Makgeolli exports to Japan were three times higher by sales than sake imports from the neighboring country last year, according to data released by the Korea Customs Service on Thursday.
While total exports of the milky white Korean rice wine more than doubled last year from 2010, some 92 percent of these were sent to Japan as demand there continues to surge.
The total exports surpassed US$50 million for the first time in 2011, totaling $52.76 million. This is a 176.3 percent increase from $19.10 million a year earlier, and a 21-fold rise from $2.5 million in 2006. Japanese consumed $48.42 million of the Korean shipments last year.
But sake imports to Korea, which had been increasing by more than 40 percent annually in previous years, amounted to just $15.27 million in 2011, up only 7.3 percent from a year earlier. Some 94 percent of all the sake brought into Korea last year, or $14.35 million worth, came from Japan.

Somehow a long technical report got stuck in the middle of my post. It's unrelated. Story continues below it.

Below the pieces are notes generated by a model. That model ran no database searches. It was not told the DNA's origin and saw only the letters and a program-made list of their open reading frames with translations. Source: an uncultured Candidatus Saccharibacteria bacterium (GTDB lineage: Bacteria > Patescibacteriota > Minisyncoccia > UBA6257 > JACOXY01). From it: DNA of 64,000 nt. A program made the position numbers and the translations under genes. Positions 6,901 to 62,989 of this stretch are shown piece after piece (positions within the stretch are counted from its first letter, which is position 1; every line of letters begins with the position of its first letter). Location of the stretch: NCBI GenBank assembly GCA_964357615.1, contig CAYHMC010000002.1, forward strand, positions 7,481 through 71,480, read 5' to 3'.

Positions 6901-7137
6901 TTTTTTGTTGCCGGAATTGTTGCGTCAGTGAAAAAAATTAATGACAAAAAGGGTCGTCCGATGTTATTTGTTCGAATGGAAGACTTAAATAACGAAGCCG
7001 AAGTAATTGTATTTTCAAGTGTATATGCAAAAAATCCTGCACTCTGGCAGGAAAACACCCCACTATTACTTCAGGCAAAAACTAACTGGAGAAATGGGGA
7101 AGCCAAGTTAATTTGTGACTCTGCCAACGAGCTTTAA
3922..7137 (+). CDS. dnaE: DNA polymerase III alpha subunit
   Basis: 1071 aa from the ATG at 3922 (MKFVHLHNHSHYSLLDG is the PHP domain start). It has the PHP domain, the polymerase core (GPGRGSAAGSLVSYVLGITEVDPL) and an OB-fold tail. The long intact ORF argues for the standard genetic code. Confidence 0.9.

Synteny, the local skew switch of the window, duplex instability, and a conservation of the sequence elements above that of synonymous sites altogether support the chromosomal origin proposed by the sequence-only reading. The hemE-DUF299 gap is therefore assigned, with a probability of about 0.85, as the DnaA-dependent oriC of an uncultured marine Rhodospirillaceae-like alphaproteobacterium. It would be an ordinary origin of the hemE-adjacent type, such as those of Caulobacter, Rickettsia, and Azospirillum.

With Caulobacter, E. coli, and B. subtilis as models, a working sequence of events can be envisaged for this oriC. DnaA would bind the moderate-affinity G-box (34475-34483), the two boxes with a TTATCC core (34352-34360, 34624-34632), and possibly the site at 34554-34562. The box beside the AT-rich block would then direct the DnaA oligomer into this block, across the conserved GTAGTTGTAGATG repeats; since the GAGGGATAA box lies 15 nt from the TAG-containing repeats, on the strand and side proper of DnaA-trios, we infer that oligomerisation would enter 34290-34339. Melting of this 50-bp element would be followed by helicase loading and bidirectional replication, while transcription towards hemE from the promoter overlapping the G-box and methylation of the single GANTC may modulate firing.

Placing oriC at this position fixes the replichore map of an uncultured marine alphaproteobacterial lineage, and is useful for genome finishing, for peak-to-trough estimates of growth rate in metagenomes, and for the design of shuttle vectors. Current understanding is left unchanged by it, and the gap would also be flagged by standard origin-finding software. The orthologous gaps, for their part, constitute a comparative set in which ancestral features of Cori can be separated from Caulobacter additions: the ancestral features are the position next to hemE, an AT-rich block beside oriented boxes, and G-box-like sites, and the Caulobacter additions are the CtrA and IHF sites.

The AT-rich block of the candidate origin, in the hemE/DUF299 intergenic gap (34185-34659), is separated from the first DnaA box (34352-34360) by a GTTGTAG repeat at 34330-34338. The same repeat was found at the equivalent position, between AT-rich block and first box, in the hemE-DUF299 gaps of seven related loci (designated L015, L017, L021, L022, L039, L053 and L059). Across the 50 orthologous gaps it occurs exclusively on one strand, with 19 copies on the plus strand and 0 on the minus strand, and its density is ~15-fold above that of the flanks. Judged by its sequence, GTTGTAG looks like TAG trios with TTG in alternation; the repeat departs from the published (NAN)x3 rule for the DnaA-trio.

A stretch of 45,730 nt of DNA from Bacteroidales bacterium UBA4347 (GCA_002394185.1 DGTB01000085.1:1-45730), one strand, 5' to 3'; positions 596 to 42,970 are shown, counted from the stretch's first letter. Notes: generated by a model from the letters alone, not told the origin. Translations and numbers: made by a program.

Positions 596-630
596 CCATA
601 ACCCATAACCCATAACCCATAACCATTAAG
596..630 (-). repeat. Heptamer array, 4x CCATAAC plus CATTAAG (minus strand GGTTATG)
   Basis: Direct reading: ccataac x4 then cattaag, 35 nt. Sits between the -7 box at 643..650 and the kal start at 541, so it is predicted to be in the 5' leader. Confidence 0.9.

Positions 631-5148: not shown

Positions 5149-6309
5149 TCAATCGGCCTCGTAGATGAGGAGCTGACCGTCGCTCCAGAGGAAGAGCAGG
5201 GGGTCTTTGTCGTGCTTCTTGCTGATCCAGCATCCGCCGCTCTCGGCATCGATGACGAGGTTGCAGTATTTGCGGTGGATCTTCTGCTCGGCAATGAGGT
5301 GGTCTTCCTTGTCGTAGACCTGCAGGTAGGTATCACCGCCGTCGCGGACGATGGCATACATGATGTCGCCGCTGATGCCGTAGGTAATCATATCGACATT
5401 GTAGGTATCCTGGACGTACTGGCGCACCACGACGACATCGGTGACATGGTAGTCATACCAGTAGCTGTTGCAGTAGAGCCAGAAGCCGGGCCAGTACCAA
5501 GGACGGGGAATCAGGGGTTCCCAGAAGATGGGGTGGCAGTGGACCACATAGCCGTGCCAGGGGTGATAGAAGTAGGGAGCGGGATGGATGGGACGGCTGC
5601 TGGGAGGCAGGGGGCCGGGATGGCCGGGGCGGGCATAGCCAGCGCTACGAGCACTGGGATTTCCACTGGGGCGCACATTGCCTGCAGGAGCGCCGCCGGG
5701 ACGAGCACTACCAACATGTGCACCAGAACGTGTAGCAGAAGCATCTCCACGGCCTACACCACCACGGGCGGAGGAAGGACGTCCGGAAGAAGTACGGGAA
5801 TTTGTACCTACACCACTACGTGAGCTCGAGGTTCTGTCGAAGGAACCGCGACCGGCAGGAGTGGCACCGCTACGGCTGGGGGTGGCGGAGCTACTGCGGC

As a makgeolli boom is taking Japan by storm, and sake is losing favor among Korean drinkers, the balance of trade in this area has shifted dramatically. In 2009, when sake was very popular here, imports from Japan reached $9.57 million -- almost double the size of makgeolli exports ($5.40 million) to the country. But the situation changed in 2010, with the Korean drink pulling in greater sales.
"While sake, which was once so popular in Korea, is falling out of favor, demand for makgeolli among Japanese people seems to be soaring as they see it as a healthier beverage," a customs official said. "It looks like this trend will continue for a while."